Conservatives believe in the rule of law; and this measure violates that.  This is why I hate labels.  There are those who believe in a strong legal system that punishes miscreants; they are often called “conservative.”  There are those who believe in a legally enforeable system that regulates morality and they are often called “conservative.”  There are those who believe that government should allow individuals maximum latitude and that individuals should rise and fall on the consequences of their actions; they too are often called “conservatives.”  I could offer a dozen other depictions of conservative beliefs, half of which would conflict with the other half.   Instead, I dispense with those labels and use “more individualism” versus “more centralization” when it comes to who gets to exercise power.  So while I believe in “law and order,” I am always cognizant of the fact that law is not an established fact but a transitory event.  Free men should always question whether or not a law still makes sense.  And if one determines that it does not, it is his duty to violate it.  (Believe me, I’ve lived a half-dozen years in a country where people did not believe that way, and 70 years later, they’re still confronting the ugliness of their inaction.)  Does it still make sense to prohibit employment and education opportunities to American residents who, through no fault of their own, came to the States as minors and have been raised as Americans?  I don’t think so.  Similary, does it make sense to prohibit the reconstruction of a reservoir that provides literal sustenance to a community because a bird is threatened?  Again, I don’t think so.  Some laws are so intuitively stupid that they deserve breaking.  And guess what:  if you disagree, you get a vote next November and every fourth November after that.

It is an unconstitutional usurpation of legislative authority.  I’ve mentioned several historical examples of why presidents have ignored the law.  I don’t think that any of those were considered to be unconstitutional at the time.  (Admittedly, the end of impoundment is a pet peeve of mine; to understand why, you only have to have spent one September as a government employee.)  To one degree or another, executives of any organization have to prioritize what it is that their organization will do.  My background is the army.  If a company commander were to comply with every directive, order, regulation, and mandate that came before him, he would have no time remaining to actually train his soldiers.  His soldiers’ time instead would be consumed by diversity training, dental appointments, and half-day Thursdays.  Every new “good idea” seemingly requires a four-hour annual block of instruction.  The military is no different from society at large.  Complying with the myriad rules (and often contradictory rules, at that) exhausts the ability of an executive to execute anything meaningful.  Hence, the job of the modern executive is to determine which rules one can “get away with” violating on the way to actually accomplishing something.  It shouldn’t be that way, but it is.  This precedent recognizes that fact.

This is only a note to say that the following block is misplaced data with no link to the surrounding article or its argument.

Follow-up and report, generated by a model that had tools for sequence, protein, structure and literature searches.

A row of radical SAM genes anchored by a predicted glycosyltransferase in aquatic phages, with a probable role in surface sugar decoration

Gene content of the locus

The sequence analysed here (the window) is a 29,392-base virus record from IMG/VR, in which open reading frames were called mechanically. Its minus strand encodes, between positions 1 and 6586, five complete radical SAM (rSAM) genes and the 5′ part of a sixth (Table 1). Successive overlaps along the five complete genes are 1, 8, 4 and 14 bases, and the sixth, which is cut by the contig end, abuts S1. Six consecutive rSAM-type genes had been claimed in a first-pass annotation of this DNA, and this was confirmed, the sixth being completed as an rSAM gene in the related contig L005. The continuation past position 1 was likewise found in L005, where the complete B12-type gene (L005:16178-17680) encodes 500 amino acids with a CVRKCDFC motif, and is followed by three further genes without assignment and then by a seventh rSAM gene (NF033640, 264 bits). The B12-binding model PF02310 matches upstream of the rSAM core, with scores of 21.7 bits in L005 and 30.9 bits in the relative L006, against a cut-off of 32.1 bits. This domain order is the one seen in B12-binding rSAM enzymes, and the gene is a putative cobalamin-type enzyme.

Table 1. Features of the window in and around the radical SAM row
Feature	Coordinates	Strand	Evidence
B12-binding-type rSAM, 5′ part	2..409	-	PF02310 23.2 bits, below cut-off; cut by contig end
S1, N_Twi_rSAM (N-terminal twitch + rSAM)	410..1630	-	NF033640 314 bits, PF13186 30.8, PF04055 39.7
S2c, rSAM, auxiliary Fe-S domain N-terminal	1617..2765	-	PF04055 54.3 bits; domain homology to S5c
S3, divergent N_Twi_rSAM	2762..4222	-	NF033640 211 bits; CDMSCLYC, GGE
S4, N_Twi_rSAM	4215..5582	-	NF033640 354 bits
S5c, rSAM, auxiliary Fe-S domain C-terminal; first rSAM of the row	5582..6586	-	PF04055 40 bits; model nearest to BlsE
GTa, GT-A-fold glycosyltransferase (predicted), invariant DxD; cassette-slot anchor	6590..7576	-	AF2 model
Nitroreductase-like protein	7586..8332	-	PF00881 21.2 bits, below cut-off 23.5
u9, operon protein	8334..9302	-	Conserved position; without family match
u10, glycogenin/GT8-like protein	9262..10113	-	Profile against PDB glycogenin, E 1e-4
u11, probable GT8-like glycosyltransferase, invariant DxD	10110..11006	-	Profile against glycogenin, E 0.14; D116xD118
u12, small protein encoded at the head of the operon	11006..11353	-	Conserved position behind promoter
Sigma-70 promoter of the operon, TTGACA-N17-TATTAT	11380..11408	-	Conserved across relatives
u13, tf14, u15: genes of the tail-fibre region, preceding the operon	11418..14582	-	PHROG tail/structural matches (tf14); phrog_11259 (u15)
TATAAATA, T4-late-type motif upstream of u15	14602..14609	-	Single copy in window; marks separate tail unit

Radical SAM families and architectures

Thanks to all commenters, and keep the comments coming in.


Jim Delong pens this:  “Broad illegality is also useful to maximize bureaucratic discretion. Make everything illegal, and then pick and choose what to enforce.”  That’s a horrific vision of the future (present?) wherein everything is subject to the whims of whomever is elected.  Thus, it’s a valid criticism of what I have written.  Although, more precisely, it’s an indictment of the legislative branch, although not without the complicity of the executive.  If we are there, then, well, God help us. 

BTW, Jim Delong has a new book out.  I bought it and like what I’ve found so far.

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70 Responses to “Why conservatives should applaud Obama’s decision to ignore the law”

  1. mbabbitt Says:

    I prefer a do nothing Congress, than a congress that creates more regulations and taxes for programs we don’t need or get people used to government support. If this was a Republican, the Dems would be screaming bloody murder. Remember the Nuclear Option in the Senate? Dems hated it; Republicans split; then Dems wanted it for their own team when in power. And press coverage alway supports the Dems.

  2. TMLutas Says:

    If this was truly just an impoundment decision, you’d have a point. However what will also happen is that these people will get papers allowing them to work in the US, an act unauthorized by any law and thus quite different than impoundment. It is that part that is truly problematic.